in 2006).” But in fact, as the late Doug Pappas reported back
in 2002
, the luxury tax officially expires on the last day of the 2006
season, so if the two sides decide to keep playing in 2007 without a new
contract, the luxury tax disappears entirely. If nothing else, that–coupled with the possibility that the revenue-sharing structure could be
overhauled yet again in the next labor agreement–could loosen the
Yankees’ pocketbooks again next winter. Don’t sign a long-term lease,
Bubba.

Luxury tax shenanigans, though, pale in comparison to what could be the
baseball bombshell of 2006: The return of contraction. When Bud Selig &
Co. agreed to shut their yaps about eliminating teams during the 2002
labor talks, they exacted an enormous concession from the labor side:
Starting in 2006, MLB owners are free to eliminate two teams if they so
choose–without needing the approval of the players’ union. Owners have a
three-month contraction “window,” from April 1 to July 1, in which time to
notify the union that contraction is imminent for 2007. And–this is the
key part–they don’t need to identify which two teams are on the
chopping block
.

Given what we know about Bud and his gang of Seligians, it’s easy to see
how this would play out. Sometime next spring, probably a moment
conveniently picked to coincide with the Florida and Minnesota legislative
sessions, the baseball cabal puts out the word that two teams will get the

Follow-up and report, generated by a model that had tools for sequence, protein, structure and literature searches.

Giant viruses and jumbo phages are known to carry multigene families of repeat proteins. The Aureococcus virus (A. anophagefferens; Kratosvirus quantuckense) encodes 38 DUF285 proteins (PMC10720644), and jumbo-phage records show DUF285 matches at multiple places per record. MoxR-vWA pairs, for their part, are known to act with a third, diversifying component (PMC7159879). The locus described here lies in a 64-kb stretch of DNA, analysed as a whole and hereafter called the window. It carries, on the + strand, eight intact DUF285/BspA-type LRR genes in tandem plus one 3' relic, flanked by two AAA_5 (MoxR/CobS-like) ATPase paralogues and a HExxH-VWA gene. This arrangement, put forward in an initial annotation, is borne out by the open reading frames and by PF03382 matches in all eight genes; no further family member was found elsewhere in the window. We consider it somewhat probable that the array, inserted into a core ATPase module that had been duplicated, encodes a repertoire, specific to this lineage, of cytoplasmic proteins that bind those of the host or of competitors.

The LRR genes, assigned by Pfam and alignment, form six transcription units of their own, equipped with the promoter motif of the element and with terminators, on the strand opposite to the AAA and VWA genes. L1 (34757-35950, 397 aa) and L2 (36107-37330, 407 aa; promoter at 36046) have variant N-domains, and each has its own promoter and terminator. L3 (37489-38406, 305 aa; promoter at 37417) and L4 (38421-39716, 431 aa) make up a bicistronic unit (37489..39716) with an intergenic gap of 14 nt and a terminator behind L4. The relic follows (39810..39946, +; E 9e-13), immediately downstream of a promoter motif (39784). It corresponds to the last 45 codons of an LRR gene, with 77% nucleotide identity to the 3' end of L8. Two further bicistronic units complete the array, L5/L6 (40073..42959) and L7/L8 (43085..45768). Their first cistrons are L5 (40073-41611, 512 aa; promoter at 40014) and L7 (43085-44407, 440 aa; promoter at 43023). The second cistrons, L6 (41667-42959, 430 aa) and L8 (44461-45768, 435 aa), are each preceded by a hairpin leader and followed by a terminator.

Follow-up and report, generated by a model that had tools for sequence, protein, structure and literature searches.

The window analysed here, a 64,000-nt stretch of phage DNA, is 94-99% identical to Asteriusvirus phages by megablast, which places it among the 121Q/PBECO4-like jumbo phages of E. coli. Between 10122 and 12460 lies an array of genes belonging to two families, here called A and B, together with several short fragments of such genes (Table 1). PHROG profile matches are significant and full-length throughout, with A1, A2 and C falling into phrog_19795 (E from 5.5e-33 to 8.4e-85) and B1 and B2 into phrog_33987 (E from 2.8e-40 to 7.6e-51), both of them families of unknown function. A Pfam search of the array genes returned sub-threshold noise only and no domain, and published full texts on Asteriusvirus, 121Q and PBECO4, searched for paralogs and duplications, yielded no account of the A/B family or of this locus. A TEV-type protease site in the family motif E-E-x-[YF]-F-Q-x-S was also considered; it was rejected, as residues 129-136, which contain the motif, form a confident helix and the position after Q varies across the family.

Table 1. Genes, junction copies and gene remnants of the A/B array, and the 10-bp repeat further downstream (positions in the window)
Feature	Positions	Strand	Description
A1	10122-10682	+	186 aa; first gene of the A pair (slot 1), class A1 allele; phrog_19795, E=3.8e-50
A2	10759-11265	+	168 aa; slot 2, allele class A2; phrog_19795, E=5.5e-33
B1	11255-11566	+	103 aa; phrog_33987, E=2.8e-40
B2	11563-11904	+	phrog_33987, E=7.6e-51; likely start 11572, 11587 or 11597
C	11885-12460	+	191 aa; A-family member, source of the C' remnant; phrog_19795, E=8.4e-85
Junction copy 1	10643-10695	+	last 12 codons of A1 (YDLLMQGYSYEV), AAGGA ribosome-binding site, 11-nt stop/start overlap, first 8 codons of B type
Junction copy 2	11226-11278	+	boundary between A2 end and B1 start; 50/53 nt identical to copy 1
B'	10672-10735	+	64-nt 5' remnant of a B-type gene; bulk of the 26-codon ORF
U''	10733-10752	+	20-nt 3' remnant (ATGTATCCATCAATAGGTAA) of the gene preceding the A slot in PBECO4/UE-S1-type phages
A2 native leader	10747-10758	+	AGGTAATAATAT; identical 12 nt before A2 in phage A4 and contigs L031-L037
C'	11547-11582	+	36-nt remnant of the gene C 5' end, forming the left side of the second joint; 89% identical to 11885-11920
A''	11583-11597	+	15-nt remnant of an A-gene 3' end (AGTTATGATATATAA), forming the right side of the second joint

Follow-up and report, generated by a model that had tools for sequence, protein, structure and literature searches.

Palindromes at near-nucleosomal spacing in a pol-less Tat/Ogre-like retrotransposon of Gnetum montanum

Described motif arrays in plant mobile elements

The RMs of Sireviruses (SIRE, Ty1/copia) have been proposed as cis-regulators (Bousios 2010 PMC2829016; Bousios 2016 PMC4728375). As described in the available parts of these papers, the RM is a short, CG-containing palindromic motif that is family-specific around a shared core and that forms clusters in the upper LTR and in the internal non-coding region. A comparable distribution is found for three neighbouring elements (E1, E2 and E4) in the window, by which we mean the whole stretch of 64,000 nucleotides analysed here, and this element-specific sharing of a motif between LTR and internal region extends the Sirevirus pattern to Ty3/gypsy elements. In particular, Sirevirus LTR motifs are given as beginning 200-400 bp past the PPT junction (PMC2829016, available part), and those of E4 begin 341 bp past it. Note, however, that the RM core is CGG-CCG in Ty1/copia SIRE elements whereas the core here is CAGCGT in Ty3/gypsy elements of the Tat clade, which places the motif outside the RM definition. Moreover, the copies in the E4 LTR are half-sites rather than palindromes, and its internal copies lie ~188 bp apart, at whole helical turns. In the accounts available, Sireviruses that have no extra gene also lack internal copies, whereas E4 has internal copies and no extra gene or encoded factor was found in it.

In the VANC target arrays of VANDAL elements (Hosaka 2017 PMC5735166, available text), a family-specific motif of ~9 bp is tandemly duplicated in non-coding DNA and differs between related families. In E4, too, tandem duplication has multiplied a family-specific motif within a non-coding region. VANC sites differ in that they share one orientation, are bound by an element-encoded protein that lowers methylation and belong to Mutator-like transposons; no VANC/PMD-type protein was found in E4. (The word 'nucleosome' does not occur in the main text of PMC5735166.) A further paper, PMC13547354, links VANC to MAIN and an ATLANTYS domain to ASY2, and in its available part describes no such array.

axe the following year. Immediately, panic ensues on sports pages across
the nation, as baseball writers fearful of being consigned to the
high-school field hockey beat send up the alarm that Something Must Be
Done.

Certainly, plenty of teams seem to be readying themselves for a run at
oblivion. The Marlins are the obvious lead candidate, given that Jeff
Loria and Number One Stepson David Samson–frustrated by the Florida
legislature’s unwillingness to throw money at their stadium woes–have
already announced that they intend to depart Florida, though without
actually specifying a destination. The Twins, Royals, and A’s owners are
all engaged in similarly fruitless stadium battles, and could conceivably
be persuaded to take a buyout. The Devil Rays are a perennial candidate
for extinction, given that it might take years for anyone to notice they
were gone. And even the newly minted Nationals could find themselves in
the rumor mill, if the D.C. city council carries through with threats to
reject the team’s lease agreement for its yet-unbuilt stadium amid
steadily rising construction cost estimates.

Of course, there are lots of reasons not to take threats of contraction
seriously. It would be hideously expensive, for one thing–can you
seriously imagine MLB giving up $450 million in Nats sale price just to
marginally increase everyone else’s share of the pie, or even paying the
$300 million or so that it would cost to buy out Loria or Carl Pohlad?
Add in the inevitable legal tangles–the states of Minnesota and Florida
each threatened lawsuits the last time contraction was floated–and
wiping out teams quickly looks like more trouble than it’s worth.

But contraction doesn’t have to be a serious threat to be an effective
bludgeon. If all these stadium deals are still in legislative limbo next
summer, MLB can play the contraction card and set up a game of musical
chairs: Last two cities to build stadiums get left out in the cold!

And best of all from MLB’s perspective, there’s nothing in the CBA saying
that if baseball announces it plans to contract, it has to go ahead and
carry out the threat–meaning that even if its bluff is called, it could
back off and suffer no worse than a bruised public image. Heck, Selig
could probably sell himself as a hero for lifting the stay of execution
and maintaining the status quo.

Maybe his labor negotiators knew what they were doing after all. Even
without coffee.